After I eventually prised myself out of the clutches of sleep yesterday morning (I refer you to my previous blog), I ended up at the Scottish book launch of former stand-up comedian Bob Boyton’s novel Bomber Jackson Does Some, an extraordinary piece of work about which I’ve blogged before.
“I hope that one of the things I’ve covered in this book,” said Bob, “is the experience of being skint, which is often not reflected in literary fiction, although it’s almost always reflected in crime fiction. I think if there was a genre called ‘social realism’ any more, that’s probably where I’d place this book.”
I had no sooner left the cultural oasis of the Word Power Books shop, than I got brought back to earth with a bang by news from comedian Chris Dangerfield, whose Sex Tourist show is sponsored by a local Edinburgh escort agency.
“A man fainted halfway through my gig last night,” he told me, “just as I said This next bit is a tad gross – the joke being that the whole show had been a bit bleak up to that point. The story I almost told is actually about ‘a multiple bodily fluids accident’ but I had not even got into the details when this punter spasmed a little and fell off his chair. Commotion ensued, I quickly got help and he was revived with lots of fanning and lying down, which took about five minutes. He was then taken off and I continued with my show, making a point of getting everyone to agree what a rude and insensitive thing it was for him to do during my fantastic show, which still ended very well.
“I’ve been turning people away every night due to too many people,” Chris continued.
Normally, I would treat any comedian telling me that with a gigantic pinch of salt, but I had seen his queues the previous day.
“I’ve had more than one management/agent,” Chris claimed, “ask me to recommend their paid shows at the end of my free show. I wonder if they would do the same for me?”
Chris Dangerfield’s show is on at the Hive, which is also where Phil Kay’s unbilled show has been running (it finished last night).
I failed to get in to see the show on its penultimate night, because it was so crowded by the time I arrived. Even Bob Slayer failed to get into the room that night – and he was staging the show!
“I rammed people in standing,” Bob told me, “then managed to sell four more tickets to sit in the sound booth. I called them ‘box seats’ and charged double.”
As for Bob’s own show Bob Slayer – He’s a Very Naughty Boy – well, he is not the sort of man who keeps to a pre-prepared script. So it came as no surprise when he told me: “I managed to get halfway through it today – the furthest I’ve managed by a long shot. Tomorrow I am going to start at the point I finished off today, as it’s an especially good bit.”
Ever the consummate professional, he added: “I am giddy with drink. Next week the real fun starts, though. Shall we burn down things?”
Then I was off to see Tim FitzHigham’s Pleasance show Stop The Pigeon which, I guess, falls halfway between culture and anarchic English eccentricity. In his introduction, Tim said: “Other people just do shows. I get an idea and follow it through with the relentless commitment of a cartoon character.”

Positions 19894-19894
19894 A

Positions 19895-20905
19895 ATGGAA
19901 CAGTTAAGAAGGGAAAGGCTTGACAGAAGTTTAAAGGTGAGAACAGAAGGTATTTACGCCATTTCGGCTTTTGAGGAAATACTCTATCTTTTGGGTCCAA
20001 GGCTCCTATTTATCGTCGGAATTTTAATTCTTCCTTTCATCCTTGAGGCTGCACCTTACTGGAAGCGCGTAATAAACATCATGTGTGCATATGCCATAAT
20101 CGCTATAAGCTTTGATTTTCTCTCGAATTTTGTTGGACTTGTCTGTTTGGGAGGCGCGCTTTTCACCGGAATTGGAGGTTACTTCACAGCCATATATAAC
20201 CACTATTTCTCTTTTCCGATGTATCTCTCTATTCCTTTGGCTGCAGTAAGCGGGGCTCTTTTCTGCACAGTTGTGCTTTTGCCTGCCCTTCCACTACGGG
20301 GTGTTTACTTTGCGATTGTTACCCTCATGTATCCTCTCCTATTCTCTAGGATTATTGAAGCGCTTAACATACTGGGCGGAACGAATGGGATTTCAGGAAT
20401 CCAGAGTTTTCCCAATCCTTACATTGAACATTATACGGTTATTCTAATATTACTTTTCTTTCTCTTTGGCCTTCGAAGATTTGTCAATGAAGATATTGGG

That pretty much sums him up.
You cannot not like Tim’s enthusiasm. His show is a romp and his facts near impossible to believe, even though they are all true. This year, it was about another unlikely adventurous bet he took on, this one involving pigeons, a very large cannon and a trampoline. But he also managed to admirably mention in passing the sadly-no-longer-with-us 18th century Farting Club of Cripplegate “whose avowed intention was to meet up once a week to poison the local atmosphere and, with their noisy crepitations, attempt to out-fart one another.
“But ask yourself who,” said Tim, “would want to live in the building next door to the Farting Club of Cripplegate? Let me tell you – this is true – the No Nose Club for gentlemen who had lost their noses in an heroical fashion.”
After the show, Tim told me he is to become a father again in October and he knows it will be a boy despite the fact the NHS is now barred from telling potential parents the sex of their future child.
“Well, that’s the explanation they gave to me, anyway,” said Tim. “The story goes that some woman – allegedly in Chelsea – was told the sex of her unborn child and decorated the nursery in either blue or pink – she spent an absolute fortune – and it turned out to be the wrong one so she sued the hospital for the cost of the nursery. As a result, the NHS are not allowed to tell you the sex of your unborn baby but, when they hovered the thing over my wife, my future son waved his dangly bits to the camera. So we do know.”
Tim was a Malcolm Hardee Comedy Award nominee last year and now (no connection, alas) has an up-coming ten-part TV series for CBBC.
“It’s tramsmitted in January,” he told me. “It’s called Superhumans and I fly all over the world meeting people with biological or genetic quirks which mean they can do extraordinarily weird stuff that the rest of us can’t do.
“So, for example, I flew to Iceland to meet a man who can withstand extreme cold. For some reason he is able to consciously control the hypothalamus in his brain.
“The hypothalamus regulates core body temperature and he can literally tell his core body temperature to go up and no-one’s quite sure how he’s doing it. So I challenged him to three challenges to try and prove how superhuman he is – or not. Because, if I can beat him, then the implication is he’s faking it.”
“Does this come under the heading of science?” I asked.
“It comes under the heading of a lot of fun,” said Tim.
And so does Tim.
When I woke up this morning, there was an e-mail from Bob Slayer sent at 3.03am. It simply said:
“Phil Kay was last seen in the Jazz Bar, killing time before his 5.00am flight back to civilisation, juggling chairs.”